Despite being very much still a present and dangerous threat, the fall in cases of Covid-19 globally, the easing of restrictions by several countries and the progress of the vaccination campaigns around the world suggest that the battle against Covid-19 is being won.
With the situation continuing to improve, the US has dropped travel advisory levels for dozens of countries – including Canada and Mexico – following a change in methodology by the CDC. Here’s a look at which countries it affects, what it means for travelers and why the changes have been made.
Travel Advisory Changes – Information for Travelers
Both Canada and Mexico have seen their US State Department travel advisory level drop from the most severe level – Level 4 – down to Level 3. Canada’s advisory page warns travelers to reconsider travel due to Covid-19, whilst Mexico’s page asks travelers to reconsider travel due to Covid-19, and to exercise increased caution in Mexico due to crime and kidnapping.
Both countries have achieved significant falls in their Covid-19 numbers over the past few months, with Canada’s average number of daily cases now at around 1,600, whilst Mexico’s average is around 2,500. Canada’s low figures have recently seen the country plan to remove some travel restrictions for its vaccinated citizens.
As well as Mexico and Canada, dozens of other countries have also seen their advisory levels fall. The likes of Japan, Italy, France and Germany have also moved from Level 4 to Level 3, whilst Finland and Barbados fell to Level 2 and Singapore, South Korea and Malta reached Level 1 – the lowest possible travel advisory level.
Not only will the changes go some way in restoring the confidence of travelers, but they could also have a sizeable impact on the travel options available for travelers. Travel advisories are often reciprocated by nations, and are often used by airlines to set their own restrictions – which opens the possibility for more frequent and less restricted flights going forward. The raft of new updates and changes follows a change in methodology used by the CDC to classify the Covid-19 threat level in each country.
CDC Methodology Updated – What Travelers Should Know
The CDC issues its Travel Health Notices (THNs) to alert travelers to the different health risks present in any given country, as well as advising them on how they can better protect themselves. The system underwent several changes in November 2020, as its 3-level notice system became a 4-level notice system – and on June 7th, it changed once more.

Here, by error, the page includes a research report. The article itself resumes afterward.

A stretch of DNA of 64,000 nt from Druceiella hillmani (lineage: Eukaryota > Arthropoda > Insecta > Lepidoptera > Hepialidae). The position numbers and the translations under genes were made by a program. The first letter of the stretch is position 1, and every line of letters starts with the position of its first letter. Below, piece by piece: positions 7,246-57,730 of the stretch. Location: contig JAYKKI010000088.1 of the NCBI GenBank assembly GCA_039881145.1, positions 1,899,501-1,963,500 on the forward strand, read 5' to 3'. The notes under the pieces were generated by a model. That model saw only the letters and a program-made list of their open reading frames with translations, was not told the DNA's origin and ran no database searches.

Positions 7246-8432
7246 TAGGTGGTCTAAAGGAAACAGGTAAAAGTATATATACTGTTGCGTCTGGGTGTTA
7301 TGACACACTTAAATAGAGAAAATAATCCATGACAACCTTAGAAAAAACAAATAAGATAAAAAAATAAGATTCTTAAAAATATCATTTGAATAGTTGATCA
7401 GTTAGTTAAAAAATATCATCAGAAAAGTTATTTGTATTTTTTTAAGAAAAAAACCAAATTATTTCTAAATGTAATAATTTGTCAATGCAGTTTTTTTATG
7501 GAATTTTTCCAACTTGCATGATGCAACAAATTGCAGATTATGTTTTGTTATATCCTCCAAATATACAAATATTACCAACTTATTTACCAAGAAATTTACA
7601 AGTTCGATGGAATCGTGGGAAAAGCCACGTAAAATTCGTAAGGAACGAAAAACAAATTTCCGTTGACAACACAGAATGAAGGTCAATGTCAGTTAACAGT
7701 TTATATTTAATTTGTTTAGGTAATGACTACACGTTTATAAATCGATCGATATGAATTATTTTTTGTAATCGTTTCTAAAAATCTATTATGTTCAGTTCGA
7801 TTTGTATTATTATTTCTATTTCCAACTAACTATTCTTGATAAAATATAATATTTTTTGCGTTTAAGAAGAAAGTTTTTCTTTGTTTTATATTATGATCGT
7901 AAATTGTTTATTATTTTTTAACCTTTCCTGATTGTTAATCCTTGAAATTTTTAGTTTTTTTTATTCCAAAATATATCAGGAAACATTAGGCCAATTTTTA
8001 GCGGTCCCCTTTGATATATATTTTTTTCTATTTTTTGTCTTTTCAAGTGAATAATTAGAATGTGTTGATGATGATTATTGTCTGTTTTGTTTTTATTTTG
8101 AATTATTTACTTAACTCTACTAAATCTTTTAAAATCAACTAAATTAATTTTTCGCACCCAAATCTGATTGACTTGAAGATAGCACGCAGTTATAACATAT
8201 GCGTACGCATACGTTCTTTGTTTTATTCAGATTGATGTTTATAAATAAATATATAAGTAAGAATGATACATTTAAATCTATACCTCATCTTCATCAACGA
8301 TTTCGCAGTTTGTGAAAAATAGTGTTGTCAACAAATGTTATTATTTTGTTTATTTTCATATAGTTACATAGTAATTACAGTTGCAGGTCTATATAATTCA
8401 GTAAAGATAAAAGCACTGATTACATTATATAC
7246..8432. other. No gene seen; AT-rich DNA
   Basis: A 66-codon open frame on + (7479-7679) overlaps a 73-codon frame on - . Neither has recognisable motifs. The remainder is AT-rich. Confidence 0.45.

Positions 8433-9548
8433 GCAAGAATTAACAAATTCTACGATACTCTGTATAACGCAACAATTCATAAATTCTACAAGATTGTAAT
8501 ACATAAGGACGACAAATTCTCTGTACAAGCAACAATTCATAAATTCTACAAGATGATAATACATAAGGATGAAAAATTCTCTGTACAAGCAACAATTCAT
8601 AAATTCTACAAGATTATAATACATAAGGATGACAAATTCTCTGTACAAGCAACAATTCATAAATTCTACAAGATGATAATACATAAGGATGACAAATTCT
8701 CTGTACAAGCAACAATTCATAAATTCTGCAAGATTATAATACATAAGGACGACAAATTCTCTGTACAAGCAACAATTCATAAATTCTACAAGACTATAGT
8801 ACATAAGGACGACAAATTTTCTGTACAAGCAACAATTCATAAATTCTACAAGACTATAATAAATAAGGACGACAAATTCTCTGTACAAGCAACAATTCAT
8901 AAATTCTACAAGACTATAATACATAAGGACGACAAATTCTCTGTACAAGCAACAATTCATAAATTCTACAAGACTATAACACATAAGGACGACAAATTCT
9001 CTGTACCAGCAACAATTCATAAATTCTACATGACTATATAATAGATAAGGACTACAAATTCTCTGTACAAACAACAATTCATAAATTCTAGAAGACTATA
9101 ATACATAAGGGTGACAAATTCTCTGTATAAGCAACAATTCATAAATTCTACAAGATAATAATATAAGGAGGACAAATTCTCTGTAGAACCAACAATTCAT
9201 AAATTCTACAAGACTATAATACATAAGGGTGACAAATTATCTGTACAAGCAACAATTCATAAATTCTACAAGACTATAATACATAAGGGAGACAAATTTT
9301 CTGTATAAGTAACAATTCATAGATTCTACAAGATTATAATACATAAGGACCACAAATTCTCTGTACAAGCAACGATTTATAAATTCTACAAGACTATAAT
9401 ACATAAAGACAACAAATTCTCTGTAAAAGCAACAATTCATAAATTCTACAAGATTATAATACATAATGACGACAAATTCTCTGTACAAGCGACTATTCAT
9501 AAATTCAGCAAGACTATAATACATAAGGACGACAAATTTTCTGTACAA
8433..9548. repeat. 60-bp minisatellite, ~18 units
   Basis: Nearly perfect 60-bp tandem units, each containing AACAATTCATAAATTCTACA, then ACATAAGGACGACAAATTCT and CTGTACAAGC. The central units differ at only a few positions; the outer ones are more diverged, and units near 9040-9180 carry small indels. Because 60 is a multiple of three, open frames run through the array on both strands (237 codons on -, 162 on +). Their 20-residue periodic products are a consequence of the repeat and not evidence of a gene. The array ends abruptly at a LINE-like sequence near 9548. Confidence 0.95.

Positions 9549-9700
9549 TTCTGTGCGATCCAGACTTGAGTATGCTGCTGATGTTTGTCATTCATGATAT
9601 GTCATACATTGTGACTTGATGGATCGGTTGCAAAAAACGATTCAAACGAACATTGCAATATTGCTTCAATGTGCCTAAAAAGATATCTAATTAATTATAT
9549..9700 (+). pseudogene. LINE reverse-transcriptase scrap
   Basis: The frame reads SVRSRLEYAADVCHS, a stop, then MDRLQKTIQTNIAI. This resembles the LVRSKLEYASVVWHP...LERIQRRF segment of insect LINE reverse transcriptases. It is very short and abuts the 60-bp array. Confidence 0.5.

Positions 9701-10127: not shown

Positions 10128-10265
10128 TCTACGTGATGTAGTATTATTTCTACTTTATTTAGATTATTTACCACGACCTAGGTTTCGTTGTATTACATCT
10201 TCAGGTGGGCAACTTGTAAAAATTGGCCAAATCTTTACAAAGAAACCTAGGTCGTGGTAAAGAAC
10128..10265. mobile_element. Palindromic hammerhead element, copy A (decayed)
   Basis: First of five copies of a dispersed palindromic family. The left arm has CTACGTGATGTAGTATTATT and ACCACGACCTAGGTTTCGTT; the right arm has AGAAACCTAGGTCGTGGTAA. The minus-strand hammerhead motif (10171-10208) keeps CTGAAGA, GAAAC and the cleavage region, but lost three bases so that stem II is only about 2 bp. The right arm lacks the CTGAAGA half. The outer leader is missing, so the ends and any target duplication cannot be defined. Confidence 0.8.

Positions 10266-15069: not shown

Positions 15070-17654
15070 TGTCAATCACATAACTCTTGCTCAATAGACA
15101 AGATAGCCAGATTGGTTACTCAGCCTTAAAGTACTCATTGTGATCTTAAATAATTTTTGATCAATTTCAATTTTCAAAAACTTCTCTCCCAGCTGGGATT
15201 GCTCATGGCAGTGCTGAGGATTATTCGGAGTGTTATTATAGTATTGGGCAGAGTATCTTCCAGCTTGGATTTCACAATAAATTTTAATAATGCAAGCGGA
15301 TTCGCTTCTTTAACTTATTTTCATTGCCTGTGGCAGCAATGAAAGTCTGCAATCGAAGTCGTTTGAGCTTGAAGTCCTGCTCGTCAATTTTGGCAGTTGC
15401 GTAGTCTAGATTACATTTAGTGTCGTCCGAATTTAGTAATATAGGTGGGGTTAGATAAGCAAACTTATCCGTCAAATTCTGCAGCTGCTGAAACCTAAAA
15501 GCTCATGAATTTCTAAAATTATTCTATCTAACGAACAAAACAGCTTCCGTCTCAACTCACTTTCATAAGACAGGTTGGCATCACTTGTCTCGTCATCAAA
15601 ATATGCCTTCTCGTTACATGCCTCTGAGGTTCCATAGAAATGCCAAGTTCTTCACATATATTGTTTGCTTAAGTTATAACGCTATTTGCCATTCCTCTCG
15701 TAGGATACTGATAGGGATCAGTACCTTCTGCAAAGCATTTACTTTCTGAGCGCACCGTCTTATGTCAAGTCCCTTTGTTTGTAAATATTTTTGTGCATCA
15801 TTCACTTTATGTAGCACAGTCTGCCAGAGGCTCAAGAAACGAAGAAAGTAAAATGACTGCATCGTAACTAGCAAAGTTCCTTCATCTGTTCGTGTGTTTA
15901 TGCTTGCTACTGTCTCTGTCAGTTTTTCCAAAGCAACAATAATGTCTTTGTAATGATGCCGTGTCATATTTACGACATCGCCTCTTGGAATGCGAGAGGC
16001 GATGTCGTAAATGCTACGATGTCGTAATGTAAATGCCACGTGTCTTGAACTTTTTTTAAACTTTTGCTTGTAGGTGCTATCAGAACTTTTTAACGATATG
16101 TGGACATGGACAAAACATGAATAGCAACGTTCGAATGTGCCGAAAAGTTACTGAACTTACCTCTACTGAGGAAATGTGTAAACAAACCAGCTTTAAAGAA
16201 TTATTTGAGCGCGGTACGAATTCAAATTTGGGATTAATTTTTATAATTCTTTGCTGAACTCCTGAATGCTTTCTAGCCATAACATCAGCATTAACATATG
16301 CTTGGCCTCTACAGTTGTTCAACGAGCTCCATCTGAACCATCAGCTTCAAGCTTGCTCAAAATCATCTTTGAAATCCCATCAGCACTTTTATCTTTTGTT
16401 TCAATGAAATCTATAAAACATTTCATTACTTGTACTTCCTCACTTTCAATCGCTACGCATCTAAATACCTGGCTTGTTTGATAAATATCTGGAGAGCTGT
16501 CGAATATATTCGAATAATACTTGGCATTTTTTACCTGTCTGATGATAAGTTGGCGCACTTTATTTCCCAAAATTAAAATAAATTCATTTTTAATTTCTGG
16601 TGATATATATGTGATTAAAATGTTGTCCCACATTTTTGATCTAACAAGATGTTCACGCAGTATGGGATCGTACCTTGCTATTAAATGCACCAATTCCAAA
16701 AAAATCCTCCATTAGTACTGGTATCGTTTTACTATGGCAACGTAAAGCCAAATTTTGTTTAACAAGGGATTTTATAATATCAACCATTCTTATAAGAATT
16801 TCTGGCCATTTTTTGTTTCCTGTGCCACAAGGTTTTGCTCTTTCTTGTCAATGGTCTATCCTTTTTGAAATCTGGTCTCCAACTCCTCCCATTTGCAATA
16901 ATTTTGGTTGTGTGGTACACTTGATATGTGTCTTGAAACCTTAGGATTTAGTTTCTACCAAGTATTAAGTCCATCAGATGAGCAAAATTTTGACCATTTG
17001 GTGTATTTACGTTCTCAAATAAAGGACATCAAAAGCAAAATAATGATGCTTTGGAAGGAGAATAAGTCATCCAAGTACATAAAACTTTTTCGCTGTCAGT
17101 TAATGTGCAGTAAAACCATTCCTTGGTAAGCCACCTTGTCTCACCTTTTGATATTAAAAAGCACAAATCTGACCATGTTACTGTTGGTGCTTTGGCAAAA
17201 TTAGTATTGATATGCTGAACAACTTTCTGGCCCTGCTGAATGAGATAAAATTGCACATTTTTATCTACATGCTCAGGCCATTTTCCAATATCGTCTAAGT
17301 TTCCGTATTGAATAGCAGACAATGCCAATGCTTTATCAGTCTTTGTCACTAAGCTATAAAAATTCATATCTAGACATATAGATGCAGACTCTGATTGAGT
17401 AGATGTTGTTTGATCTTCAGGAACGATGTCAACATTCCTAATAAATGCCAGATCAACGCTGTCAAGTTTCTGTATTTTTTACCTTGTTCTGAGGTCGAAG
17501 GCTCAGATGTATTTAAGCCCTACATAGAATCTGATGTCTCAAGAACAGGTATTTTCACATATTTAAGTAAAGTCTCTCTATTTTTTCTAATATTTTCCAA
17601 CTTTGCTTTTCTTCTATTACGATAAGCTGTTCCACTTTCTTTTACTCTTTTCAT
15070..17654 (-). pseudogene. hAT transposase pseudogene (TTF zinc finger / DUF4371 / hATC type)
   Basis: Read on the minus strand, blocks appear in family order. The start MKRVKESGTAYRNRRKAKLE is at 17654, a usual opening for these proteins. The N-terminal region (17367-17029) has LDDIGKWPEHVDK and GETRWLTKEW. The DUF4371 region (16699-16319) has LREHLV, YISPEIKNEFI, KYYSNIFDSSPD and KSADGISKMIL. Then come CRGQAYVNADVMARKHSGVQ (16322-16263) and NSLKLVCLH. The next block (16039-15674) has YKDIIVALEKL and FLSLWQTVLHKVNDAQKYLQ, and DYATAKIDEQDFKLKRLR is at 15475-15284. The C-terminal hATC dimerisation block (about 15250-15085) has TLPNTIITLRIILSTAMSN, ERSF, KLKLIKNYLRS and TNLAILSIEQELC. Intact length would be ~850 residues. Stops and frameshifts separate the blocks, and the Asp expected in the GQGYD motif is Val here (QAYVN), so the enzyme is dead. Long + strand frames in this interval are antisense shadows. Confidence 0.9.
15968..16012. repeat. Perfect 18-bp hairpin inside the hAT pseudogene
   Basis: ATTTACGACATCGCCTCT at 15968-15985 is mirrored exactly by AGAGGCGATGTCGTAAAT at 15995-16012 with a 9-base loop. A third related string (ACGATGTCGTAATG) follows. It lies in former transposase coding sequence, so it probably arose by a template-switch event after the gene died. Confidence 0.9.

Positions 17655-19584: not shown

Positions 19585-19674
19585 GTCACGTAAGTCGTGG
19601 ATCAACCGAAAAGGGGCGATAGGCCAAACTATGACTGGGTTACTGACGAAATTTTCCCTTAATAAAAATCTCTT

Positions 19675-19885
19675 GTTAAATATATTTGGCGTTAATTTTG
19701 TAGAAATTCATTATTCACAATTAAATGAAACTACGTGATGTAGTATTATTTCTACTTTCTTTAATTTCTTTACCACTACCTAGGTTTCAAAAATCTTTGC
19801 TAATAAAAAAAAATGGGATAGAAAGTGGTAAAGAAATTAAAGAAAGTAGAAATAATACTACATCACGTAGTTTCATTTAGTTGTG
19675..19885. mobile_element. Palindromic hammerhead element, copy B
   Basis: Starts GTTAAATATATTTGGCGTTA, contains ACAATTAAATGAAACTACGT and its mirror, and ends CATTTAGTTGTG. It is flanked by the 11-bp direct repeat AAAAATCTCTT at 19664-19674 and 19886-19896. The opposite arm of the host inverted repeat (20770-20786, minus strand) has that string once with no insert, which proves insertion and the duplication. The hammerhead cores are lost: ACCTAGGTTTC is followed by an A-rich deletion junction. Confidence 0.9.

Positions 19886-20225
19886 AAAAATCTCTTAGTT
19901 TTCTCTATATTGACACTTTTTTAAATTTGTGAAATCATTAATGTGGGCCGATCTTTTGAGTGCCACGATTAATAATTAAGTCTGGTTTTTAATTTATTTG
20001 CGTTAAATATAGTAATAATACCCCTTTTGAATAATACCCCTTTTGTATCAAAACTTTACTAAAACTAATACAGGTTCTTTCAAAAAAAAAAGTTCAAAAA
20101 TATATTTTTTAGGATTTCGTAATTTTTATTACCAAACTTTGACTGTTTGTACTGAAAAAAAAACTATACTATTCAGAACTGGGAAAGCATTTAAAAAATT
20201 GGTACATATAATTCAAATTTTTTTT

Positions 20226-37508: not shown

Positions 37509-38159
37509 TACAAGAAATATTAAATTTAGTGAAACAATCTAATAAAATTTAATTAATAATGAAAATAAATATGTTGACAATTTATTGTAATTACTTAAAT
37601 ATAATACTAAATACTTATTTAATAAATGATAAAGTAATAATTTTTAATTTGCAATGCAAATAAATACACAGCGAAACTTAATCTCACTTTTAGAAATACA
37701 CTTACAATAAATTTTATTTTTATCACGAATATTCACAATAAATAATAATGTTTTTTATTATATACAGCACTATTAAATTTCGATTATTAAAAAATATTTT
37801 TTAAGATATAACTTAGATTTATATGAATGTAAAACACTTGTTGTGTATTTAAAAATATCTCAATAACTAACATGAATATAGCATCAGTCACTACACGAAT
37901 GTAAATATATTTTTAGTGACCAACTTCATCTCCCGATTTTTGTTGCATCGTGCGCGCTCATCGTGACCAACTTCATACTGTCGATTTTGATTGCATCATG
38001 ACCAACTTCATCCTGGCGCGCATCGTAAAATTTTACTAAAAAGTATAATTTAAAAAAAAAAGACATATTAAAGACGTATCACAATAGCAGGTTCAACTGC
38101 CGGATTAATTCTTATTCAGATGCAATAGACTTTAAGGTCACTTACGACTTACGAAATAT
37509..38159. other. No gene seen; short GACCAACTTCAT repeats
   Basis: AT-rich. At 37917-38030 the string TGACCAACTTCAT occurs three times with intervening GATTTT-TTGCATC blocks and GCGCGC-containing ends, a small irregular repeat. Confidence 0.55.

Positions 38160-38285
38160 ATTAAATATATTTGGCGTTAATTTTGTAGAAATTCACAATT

The criteria used to determine the THN levels have been updated to better differentiate countries with severe outbreak situations from countries that have sustained – but controlled – spread of Covid-19. According to the CDC website, the update “gives specific travel advice for vaccinated and unvaccinated people according to the THN level, ensuring THN levels reflect the current global situation and are aligned with guidance for international travel”.
Here are the primary criteria that determine the THN level for each destination, along with the recommendation for each level:
- Level 1 – fewer than 50 new cases over the past 28 days per 100,000 population – ensure you are fully vaccinated before traveling to this destination
- Level 2 – 50-99 new cases over the past 28 days per 100,000 population – Make sure you are fully vaccinated before travel, whilst unvaccinated travelers who are at increased risk for severe illness from COVID-19 should avoid nonessential travel to this destination. If you must travel and have concerns, talk to your doctor
- Level 3 – new cases over the past 28 days per 100,000 population – Make sure you are fully vaccinated before travel, whilst unvaccinated travelers should avoid nonessential travel to this destination
- Level 4 – more than 500 new cases over the past 28 days per 100,000 population – avoid travel to this destination
As is evident from the above, the CDC strongly recommends that all travelers are vaccinated prior to traveling to any international destination. The secondary criteria that determines the level of travel is based on Covid-19 testing data, taking into account the test-to-case ratio in each destination – more information about this can be found here.
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This article originally appeared on TravelOffPath.com